Nobody said anything about anything blood-soaked until you did, Smriti-ji! Even our captains of industry making millions on sanitary pads have always masked the source of their fortune in a mysterious blue liquid for girls who like to wear white pants when they have their period.
Irani is ordinarily a clear speaker, so I can only conclude that her remarks, and then her tweets, are deliberately meant to create confusion while pretending to be Confucious.
Her last tweet on the subject should be your true clue that Irani has borrowed a leaf from the book of Kellyann Conway, the infamous “alternative facts” member of the Donald Trump administration, who is truly gifted at sowing furrowed brows and dropped jaws across the American sub-continent. Irani tweeted, “But what fascinates me, though does not surprise me, is that as a woman I am not free to have my own point of view. As long as I conform to the ‘liberal’ point of view I’m acceptable. How liberal is that??”
Sister, I am not sure who you think you are acceptable to. Your own side hates women in power and has been rejoicing at every mistake of yours because that is a little less time spent on the Great Leader’s gaffes. Liberals know they are supposed to like women in power, but you know you are just as bad for liking them. So a powerful right-wing woman is a perfect outlet for all our irritations.
And the fact that the promised video will never surface doesn’t matter since truth, or purity, or menstrual blood has nothing to do with Irani’s speech. Imagine Irani’s gall to talk about videos that will disprove fake news, given the scandal around her beloved JNU videos, which forensic reports concluded had been doctored. The main suspect in that video drama was Shilpi Tewari, Irani’s aide. But Irani’s political (and non-political) career has been marked by gall and the blessed faith in our fragmented attention span. The diffused spreading of rage and confusion among a wide swathe of those involved in gaining entry for women inside the Sabarimala temple — feminists, anti-caste activists, menstruation-positivity folks — is what she intended, and that has been achieved.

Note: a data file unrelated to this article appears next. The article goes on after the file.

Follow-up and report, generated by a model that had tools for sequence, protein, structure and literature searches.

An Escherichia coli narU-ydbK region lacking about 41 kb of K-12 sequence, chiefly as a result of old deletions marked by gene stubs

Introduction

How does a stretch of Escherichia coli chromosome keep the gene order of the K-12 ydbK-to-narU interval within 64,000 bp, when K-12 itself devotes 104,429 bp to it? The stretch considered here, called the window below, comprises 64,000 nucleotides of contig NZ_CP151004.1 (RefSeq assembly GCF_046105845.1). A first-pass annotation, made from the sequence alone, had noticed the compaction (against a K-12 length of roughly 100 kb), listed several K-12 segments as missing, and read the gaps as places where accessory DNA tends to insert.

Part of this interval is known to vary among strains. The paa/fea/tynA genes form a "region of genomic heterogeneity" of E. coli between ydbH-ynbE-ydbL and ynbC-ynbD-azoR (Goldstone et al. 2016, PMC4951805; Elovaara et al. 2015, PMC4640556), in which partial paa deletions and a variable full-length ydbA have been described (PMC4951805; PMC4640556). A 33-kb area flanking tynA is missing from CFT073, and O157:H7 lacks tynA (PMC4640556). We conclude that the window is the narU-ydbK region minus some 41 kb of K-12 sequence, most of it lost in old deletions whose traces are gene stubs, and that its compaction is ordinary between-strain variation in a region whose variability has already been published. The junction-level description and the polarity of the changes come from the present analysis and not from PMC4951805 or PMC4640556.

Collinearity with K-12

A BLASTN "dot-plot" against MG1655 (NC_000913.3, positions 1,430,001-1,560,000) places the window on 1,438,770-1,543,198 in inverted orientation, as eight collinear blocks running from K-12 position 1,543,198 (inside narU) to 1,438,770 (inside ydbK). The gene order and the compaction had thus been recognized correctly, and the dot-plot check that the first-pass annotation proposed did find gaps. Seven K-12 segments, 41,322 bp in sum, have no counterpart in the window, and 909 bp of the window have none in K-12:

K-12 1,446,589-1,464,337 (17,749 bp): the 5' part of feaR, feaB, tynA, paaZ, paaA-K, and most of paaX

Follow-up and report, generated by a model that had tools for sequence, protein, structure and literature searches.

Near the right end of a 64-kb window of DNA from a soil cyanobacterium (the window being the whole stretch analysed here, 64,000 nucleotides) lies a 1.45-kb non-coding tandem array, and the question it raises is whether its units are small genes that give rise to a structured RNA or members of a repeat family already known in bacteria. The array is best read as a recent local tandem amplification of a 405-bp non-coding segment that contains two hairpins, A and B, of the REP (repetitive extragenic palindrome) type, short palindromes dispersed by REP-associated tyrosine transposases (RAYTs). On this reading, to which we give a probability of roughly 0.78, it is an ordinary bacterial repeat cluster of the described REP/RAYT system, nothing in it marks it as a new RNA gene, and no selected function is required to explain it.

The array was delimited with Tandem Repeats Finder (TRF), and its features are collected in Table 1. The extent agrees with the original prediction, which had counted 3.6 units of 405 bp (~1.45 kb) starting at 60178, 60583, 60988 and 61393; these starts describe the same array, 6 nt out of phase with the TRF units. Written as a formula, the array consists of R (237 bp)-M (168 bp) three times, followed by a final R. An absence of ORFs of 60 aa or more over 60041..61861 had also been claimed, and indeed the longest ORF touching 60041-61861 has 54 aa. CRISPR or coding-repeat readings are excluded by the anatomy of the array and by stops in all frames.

Look at Irani’s other self-proclaimed picture from Tuesday, one of domesticated femininity, patience, maternity and tradition-loving. Ready To Wait — Outside the Fire Temple. This portrait is fascinating. No woman who was ready to wait for anything could make it to the Cabinet of any Indian government, forget this one.
I have no particular interest in establishing the true or faked squeamishness of Irani towards menstrual blood. But her continued ability to write her own winning dialogues and give herself meatier roles than the director or producer intended, now that’s a skill to be surveyed closely. And for that, the rest of us have to leave our own moral panic rooms.
The Ladies Finger is a leading feminist digital magazine